My company has an office in Broomfield, Colorado, halfway between Denver and Boulder, and that gets me out there a few times a year. Last November my son Andrew had both vacation time and a birthday coming up so he joined me on a trip and we stayed the weekend. What a glorious place that state is! Here is a quick tour of what we did over the weekend.
Unless you look directly east, you can’t escape seeing the mountains. Living in the Washington, DC area, to get a view from your office of one of the monuments you’d have to be a vice president and not even all of them have great views. In our Broomfield office ordinary everyday people sit at their cubes looking out on spectacular mountain views! Hell, the copy machine has a spectacular mountain view!
An hour’s drive will get you to parks and mountains above 10,000 feet but right in Boulder is a Boulder Mountain Park called Flagstaff Mountain. At just under 7,000 feet it’s taller than any mountains in the east but out here it’s a bunny slope! It has lots of trails, wildlife, and great views all the way to Denver.
On the day we visited, we hiked a couple trails that led us to views in various directions. To the west was a sea of endless peaks, colors, and textures. I looked out and wondered how settlers thought they could ever cross this range. From this view it would have seemed impossible. To the east we discovered a charming outdoor amphitheater that overlooked Boulder and in the distance, Denver. I later learned that a colleague in my office had been married in this amphitheater.
On our way out of the park we were driving down a very curvy mountain road and had to stop for a line–literally single file–of a dozen wild turkeys crossing the road. They weren’t in much of a rush either considering it was November!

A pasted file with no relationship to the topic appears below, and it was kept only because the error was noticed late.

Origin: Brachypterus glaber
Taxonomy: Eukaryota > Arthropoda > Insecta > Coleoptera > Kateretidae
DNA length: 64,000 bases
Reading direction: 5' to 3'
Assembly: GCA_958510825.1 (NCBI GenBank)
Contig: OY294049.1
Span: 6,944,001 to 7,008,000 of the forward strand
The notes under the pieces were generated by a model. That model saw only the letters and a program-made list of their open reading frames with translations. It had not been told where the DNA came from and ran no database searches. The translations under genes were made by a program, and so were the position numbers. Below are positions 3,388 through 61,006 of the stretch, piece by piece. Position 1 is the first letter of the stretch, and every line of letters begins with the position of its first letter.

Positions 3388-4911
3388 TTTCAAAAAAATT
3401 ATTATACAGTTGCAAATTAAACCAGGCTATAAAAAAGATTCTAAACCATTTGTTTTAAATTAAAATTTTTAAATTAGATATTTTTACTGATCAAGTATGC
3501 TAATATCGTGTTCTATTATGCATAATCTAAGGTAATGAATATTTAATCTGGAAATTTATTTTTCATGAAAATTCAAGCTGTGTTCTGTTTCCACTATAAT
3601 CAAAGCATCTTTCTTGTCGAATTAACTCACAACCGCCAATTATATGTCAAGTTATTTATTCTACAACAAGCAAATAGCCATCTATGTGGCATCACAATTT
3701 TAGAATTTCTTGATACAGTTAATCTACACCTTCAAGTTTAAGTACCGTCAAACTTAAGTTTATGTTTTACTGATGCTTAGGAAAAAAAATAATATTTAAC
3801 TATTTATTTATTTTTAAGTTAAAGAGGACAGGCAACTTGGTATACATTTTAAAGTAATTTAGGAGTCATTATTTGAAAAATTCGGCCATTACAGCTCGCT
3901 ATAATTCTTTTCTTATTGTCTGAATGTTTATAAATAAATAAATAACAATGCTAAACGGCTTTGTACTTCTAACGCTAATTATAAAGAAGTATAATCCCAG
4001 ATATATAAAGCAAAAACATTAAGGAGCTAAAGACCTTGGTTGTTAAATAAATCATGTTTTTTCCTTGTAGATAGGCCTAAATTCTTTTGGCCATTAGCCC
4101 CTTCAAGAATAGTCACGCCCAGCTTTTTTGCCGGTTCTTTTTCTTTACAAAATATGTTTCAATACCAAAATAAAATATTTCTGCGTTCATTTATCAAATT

I had heard from a few people that a nearby town called Nederland was worth the visit. It was worth the visit just for the route we took. The Boulder Canyon connects the two towns and for about 25 miles we drove through steep cliff walls on both sides climbing about 2000 feet in elevation in the process. “Ned” as they call it, is a laid back town at 8,200′, set between a lake-sized reservoir and a ski area. It’s a bit of an old hippy town with some quirky and charming lore. For instance there is the “Frozen Dead Guy“. This is a famous deceased resident in Nederland whose annual dry ice packing became a winter carnival of sorts. The “Cryonic Mardi Gras” features coffin ice races, polar plunging, and frozen salmon tossing!
Another typical spot is the Carousel of Happiness. 36 hand-carved colorful animals ride this restored carousel in its own building, complete with upstairs observation deck. While we visited, it was packed with young children begging to go around again.
Peak to Peak Scenic Byway